According to the Insurance Information Institute, the insurance industry is currently transforming to encourage and boost diversity in their organizational culture. A multilingual or bilingual insurance agent is a valuable resource that can make recommendations based on the specific needs of the community he/she works for or represents. Similarly, their commitment and meaningful participation in the community they serve is a vital piece of creating powerful relationships and gaining the trust of prospective clients. An article featured in AgentPipeline.com highlights that, “A more significant piece of what insurance agents do is educate our customers on how to ensure they are covered and help protect their financial security and teach them how to take advantage of benefits that are included in their insurance policies.” To become active in your community, they recommend volunteering at community events, supporting local businesses, and developing professional connections online with digital tools, as well as other activities.

One of the main goals of the insurance industry is to provide quality services. The insurance world recognizes that hiring professionals who can speak more than one language is an advantage that helps impart exceptional customer service that focuses on individuals’ preferred language. Communicating in an accurate way and overcoming language and cultural barriers can help build relationships, not just locally but internationally.

Helping customers understand what an insurance policy has to offer, especially those whose first language isn’t English, does create more business opportunities; however, and more importantly, it allows agents to make an impact in the lives of those they serve.

Contact Language Testing International (LTI) if you need to get certified in another language and provide your current or future employer and your customers with reliable and legally defensible language proficiency results. The validity of each assessment is supported by three decades of research. LTI makes the process simple with remotely proctored assessments in over 120 languages that you can take anytime, anywhere.

How to Highlight Your Language Skills to Get Noticed

If you are proficient in more than one language, you possess a highly marketable skill. Do you know which languages are most marketable? According to Preply, the three most frequently requested languages in job postings are Spanish, Chinese (Mandarin and Cantonese), and French.

Consider this: As of May 15, 2022, Indeed has posted over 900 jobs in the U.S. with the keywords multilingual speaker. Just over a year ago, Indeed also posted an article on the 13 Best Careers for Multilingual Professionals.

Learning another language is a skill that requires dedication and commitment. In addition, those who are bilingual and multilingual are known to be better multitaskers and problem solvers—qualities you want to make known while job hunting.

Achieving a level of expertise in another language is impressive and should definitely be highlighted even if you’re not looking for a job where a second language is required.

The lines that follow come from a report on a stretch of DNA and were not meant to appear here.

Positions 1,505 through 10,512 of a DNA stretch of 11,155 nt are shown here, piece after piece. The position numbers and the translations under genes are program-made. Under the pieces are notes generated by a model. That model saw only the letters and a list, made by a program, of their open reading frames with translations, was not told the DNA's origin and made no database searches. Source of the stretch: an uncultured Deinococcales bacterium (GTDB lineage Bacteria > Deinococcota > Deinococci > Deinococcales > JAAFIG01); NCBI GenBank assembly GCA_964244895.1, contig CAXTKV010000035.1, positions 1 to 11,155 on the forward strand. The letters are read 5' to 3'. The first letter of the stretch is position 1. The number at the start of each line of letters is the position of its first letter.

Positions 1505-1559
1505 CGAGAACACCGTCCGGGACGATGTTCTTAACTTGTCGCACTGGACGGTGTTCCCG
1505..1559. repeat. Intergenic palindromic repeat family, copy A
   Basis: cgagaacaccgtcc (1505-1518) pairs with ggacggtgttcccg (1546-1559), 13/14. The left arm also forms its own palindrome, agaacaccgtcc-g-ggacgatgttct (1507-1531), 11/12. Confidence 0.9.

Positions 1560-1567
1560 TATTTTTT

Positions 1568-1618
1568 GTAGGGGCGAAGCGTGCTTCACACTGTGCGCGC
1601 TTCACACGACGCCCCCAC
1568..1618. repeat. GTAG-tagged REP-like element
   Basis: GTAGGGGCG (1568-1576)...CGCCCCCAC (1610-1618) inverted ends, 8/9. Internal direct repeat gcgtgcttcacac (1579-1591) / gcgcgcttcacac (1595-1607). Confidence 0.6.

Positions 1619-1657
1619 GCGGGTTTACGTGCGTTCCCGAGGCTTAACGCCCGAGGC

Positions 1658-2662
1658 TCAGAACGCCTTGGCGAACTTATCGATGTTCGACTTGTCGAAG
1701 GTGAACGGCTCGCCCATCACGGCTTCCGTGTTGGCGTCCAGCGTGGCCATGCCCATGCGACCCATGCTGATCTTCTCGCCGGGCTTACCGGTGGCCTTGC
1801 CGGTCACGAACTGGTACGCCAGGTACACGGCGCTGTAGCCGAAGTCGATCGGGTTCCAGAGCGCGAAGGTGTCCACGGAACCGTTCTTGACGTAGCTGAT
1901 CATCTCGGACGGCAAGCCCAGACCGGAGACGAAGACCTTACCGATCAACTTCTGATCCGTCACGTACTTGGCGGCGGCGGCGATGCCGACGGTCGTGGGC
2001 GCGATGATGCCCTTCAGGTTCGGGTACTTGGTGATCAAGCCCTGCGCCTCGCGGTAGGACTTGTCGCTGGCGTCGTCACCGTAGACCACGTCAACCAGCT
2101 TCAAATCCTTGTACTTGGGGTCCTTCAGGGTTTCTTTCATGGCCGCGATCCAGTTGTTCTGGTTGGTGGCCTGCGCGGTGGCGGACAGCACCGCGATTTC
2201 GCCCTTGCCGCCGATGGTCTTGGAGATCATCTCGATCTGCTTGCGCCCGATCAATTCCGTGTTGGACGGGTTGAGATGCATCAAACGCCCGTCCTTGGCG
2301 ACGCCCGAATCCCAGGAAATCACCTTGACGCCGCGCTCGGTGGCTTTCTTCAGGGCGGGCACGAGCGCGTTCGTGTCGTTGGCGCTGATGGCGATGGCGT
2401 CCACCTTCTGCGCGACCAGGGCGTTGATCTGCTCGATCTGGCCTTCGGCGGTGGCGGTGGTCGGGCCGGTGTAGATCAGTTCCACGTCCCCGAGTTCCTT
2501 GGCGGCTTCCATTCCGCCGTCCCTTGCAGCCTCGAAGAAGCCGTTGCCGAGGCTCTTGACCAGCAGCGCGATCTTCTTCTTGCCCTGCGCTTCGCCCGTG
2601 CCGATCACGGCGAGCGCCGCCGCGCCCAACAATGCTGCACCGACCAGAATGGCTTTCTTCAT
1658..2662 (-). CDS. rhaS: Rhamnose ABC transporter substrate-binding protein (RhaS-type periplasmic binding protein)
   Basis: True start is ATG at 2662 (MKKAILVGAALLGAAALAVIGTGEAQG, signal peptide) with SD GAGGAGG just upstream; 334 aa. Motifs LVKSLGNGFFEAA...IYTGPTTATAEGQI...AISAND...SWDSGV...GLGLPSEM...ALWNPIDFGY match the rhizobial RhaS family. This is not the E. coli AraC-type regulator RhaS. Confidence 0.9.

Here are three suggestions for how to highlight and showcase your language skills to get noticed.

Make your language skills visible everywhere

Your resume is the first place where you should put your language skills. To make sure that these special skills are noticed, consider including them both in the skills section and the summary. As recruiters often only skim resumes, including your language skills on top of your resume will increase your chances of getting noticed. LinkedIn is another place where you should highlight your language skills. If a job application process also requires a cover letter, be sure you mention your language skills in there, too. Many companies are looking to expand globally in the near future, so even if language skills aren’t required for the job, being proficient will certainly make you a stronger candidate.

Be clear about your language proficiency

Many candidates include phrases such as “Fluent in . . .,” “Conversant in . . .”, or “Working knowledge of . . .” on resumes. Language fluency is hard to gauge, and your perception of your proficiency might not match what your true proficiency is when measured with a language proficiency assessment. It’s easy to overstate one’s proficiency. A recent survey has shown that nearly 60% of job applicants overstate their abilities on their resumes, including their language proficiency.

If you possess language skills, consider obtaining an official language proficiency certificate by taking a language assessment, such as the ACTFL language proficiency tests. An ACTFL test not only tells you exactly what your proficiency level is, but it also comes with an official certification that lets your prospective employer know exactly how well you can communicate in another language. The ACTFL assessments also come with digital badges issued by Credly, which makes showcasing your language skills on your resume and professional networking sites easier.

Be specific with your examples